Finance

Difference between Internal Audit And Statutory Audit 

While we all know about Internal and Statutory audit, understanding the difference between internal audit and statutory audit is important because they serve different purposes. Internal audit is a form of assurance to the board and management of a company that the company’s processes, systems, operations, and financials are in compliance with the company’s policies and procedures. Statutory audit, on the other hand, is conducted to ensure that the company’s financial statements are true and fair, and comply with the relevant statutes and regulations.

This guide provides an overview of the differences between the two types of audits, including the scope and objectives of each.

Internal Audit vs. Statutory Audit: Comparative Table

Sr No. Particulars Internal Audit Statutory Audit
1 Meaning Internal Audit is carried out by people within the Company or even external Chartered Accounts (CAs) or CA firms or other professionals to evaluate the internal controls, processes, management, corporate governance, etc. these audits also provide management with the tools necessary to attain operational efficiency by identifying problems and correcting lapses before they are discovered in an external audit Statutory Audit is carried out annually by Practising Chartered Accountants (CAs) or CA Firms who are independent of the Company being audited. A statutory audit is a legally required review of the accuracy of a company’s financial statements and records. The purpose of a statutory audit is to determine whether an organization provides a fair and accurate representation of its financial position
2 Qualification An Internal Auditor need not necessarily be a Chartered Accountant. It can be conducted by both CAs as well as non-CAs. Statutory Audits can be conducted only by Practising Chartered Accountants and CA Firms.
3 Appointment Internal Auditors are appointed by the management of the Company. Form MGT-14 is to be filed with ROC Statutory Auditors appointed by the Shareholders of the Company in its Annual General Meeting. Form ADT-1 is to be filed with ROC.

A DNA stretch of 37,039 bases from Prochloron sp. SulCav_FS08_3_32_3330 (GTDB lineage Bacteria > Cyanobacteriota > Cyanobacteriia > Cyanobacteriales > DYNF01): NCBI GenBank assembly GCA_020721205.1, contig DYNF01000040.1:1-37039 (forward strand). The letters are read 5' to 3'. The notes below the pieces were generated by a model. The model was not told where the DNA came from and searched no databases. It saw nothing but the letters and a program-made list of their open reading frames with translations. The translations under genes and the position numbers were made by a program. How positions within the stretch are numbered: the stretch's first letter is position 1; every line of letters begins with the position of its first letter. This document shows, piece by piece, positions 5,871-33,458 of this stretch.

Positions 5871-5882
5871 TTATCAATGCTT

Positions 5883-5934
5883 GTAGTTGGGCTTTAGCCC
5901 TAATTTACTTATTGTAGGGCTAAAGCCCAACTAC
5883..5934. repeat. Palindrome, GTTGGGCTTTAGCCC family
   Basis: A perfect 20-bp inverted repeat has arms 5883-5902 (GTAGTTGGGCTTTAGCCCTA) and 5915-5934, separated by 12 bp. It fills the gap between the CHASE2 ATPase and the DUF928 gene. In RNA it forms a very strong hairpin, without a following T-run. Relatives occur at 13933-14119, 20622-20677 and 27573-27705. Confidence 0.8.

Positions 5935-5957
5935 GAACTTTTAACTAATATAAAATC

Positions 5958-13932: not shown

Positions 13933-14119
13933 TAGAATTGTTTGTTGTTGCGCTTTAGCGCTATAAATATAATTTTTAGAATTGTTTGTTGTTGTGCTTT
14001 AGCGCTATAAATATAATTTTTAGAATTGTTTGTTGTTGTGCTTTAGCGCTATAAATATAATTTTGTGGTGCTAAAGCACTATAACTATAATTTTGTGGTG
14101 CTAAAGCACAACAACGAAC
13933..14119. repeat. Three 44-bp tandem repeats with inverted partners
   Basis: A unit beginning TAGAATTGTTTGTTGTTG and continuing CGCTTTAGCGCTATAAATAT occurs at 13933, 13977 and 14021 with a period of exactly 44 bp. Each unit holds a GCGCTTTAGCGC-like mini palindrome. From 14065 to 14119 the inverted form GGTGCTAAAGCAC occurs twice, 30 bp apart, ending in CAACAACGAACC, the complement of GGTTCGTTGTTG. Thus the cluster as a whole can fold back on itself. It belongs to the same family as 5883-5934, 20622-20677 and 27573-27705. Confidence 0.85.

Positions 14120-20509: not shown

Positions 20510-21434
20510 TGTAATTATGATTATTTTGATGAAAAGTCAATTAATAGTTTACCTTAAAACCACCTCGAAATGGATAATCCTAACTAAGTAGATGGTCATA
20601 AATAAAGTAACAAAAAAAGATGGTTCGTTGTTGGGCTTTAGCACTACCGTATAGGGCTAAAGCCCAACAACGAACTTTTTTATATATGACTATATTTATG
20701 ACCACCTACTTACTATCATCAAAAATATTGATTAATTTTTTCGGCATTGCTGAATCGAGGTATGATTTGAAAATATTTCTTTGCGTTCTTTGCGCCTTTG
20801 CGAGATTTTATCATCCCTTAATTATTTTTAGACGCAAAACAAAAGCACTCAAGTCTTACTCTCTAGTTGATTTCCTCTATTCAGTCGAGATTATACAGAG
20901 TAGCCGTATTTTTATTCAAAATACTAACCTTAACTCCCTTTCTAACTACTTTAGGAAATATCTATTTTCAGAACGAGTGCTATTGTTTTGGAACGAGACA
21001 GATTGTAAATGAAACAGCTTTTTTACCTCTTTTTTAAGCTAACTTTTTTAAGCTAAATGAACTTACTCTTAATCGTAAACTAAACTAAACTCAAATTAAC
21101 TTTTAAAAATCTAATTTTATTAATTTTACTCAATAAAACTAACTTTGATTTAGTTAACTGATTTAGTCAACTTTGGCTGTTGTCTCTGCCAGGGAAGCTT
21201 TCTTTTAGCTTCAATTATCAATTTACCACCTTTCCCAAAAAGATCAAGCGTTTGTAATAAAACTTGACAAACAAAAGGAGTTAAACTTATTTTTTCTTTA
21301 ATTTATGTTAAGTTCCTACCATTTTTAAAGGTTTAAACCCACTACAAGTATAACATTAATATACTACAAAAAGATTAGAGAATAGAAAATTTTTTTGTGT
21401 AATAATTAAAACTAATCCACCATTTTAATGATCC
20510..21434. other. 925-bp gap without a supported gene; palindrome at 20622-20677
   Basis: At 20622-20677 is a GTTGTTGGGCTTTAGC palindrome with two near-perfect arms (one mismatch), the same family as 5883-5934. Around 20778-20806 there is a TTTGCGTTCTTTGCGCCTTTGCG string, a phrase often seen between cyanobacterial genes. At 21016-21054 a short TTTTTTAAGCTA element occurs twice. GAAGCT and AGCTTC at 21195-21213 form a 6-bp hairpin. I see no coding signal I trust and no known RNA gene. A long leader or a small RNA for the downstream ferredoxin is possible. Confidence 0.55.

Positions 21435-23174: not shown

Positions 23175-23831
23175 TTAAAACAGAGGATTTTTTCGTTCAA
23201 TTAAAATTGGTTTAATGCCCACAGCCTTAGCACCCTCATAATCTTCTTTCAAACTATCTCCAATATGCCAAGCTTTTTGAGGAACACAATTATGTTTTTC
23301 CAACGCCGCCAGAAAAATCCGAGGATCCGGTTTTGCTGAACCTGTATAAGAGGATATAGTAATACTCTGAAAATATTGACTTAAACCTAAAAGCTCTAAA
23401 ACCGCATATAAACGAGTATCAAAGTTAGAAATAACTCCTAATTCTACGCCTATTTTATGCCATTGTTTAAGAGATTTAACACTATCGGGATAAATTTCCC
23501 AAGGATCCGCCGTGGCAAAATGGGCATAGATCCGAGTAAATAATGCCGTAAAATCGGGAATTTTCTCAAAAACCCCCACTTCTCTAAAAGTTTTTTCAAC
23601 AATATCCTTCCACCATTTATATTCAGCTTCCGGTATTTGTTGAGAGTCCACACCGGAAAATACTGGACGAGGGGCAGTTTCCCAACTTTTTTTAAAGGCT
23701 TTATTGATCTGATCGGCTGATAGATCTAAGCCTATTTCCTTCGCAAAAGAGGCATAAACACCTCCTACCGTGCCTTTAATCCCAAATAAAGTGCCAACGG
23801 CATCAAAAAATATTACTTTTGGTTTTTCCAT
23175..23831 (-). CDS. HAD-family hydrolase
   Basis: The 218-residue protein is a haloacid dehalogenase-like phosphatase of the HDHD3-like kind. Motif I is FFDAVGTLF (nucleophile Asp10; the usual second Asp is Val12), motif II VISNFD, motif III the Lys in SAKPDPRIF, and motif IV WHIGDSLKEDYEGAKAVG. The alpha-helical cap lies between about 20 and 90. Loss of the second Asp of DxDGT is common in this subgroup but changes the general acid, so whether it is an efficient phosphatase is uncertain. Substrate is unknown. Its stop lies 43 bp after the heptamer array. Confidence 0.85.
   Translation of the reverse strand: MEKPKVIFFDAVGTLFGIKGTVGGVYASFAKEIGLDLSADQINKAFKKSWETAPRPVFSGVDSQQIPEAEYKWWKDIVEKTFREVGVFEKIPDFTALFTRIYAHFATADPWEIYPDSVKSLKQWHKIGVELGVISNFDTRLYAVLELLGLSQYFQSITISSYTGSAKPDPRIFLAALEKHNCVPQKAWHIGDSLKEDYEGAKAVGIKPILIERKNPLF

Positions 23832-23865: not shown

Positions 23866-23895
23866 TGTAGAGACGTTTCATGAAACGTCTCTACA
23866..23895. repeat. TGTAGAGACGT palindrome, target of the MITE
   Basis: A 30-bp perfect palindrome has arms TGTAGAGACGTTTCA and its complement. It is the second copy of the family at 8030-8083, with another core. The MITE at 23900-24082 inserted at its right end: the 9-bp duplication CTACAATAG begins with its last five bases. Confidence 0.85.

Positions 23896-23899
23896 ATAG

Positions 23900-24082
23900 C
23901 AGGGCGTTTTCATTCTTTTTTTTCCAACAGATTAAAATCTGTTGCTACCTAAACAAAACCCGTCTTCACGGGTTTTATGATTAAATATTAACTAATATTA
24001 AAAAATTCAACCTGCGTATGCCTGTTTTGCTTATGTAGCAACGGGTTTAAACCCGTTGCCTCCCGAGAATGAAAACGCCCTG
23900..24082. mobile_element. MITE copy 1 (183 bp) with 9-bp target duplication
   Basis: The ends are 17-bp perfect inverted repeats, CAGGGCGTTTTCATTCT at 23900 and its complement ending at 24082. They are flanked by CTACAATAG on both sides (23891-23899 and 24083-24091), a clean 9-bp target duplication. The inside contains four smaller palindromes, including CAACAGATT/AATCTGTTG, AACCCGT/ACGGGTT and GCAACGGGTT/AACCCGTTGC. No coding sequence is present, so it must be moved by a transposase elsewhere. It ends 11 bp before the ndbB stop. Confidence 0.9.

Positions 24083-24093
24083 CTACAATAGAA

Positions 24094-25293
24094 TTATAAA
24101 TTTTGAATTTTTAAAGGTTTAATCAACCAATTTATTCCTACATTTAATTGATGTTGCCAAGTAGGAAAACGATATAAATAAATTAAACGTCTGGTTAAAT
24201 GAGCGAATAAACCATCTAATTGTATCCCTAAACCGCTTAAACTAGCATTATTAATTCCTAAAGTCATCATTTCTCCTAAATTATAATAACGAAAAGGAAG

4 Purpose Internal Audit is majorly conducted to review the internal controls, risk management, governance, and operations of the Company and to try and prevent or detect errors and frauds. Statutory Audit is conducted annually to form an opinion on the financial statements of the Company i.e whether they give an accurate and fair view of the financial position and financial affairs of the Company.
5 Reporting Responsibilities Reports are submitted to the management of the Company being audited. Reports are submitted to the shareholders of the Company being audited.
6 Frequency of Audit Conducted as per the requirements of the management. Conducted annually as per the statute.
7 Independence An internal auditor may or may not be independent of the entity being audited. A statutory auditor must always be independent.
8 Removal of auditor Internal auditors can be removed by the management Statutory Auditors can be removed by shareholders in an AGM only.
9 Regulatory requirements Internal audit is not a regulatory requirement for all private limited companies. The requirements for internal audits are prescribed in Section 138 of the Companies Act, 2013. All Companies registered under the Companies Act are required to get Statutory audits done annually.
Key Difference Between Internal Audit And Statutory Audit

Similarities Between Internal Audit And Statutory Audit 

Having discussed the differences between internal audit and statutory audit, let’s now take a look at the similarities between the two.

  • The primary similarity between internal audit and statutory audit is that they both require an independent area of operation that should, ideally, be free from any sort of managerial interference or organizational control.
  • Both internal and statutory audits follow the same procedural path—planning, research, execution, and presentation. These paths may vary slightly from one auditor to another, but they largely stick to the same pattern.
  • Be it an internal audit or a statutory audit, both types are dependent on the availability and access of clear, reliable, and accurate data. If an organization offers its resources in a transparent manner, the audit would be fair and just.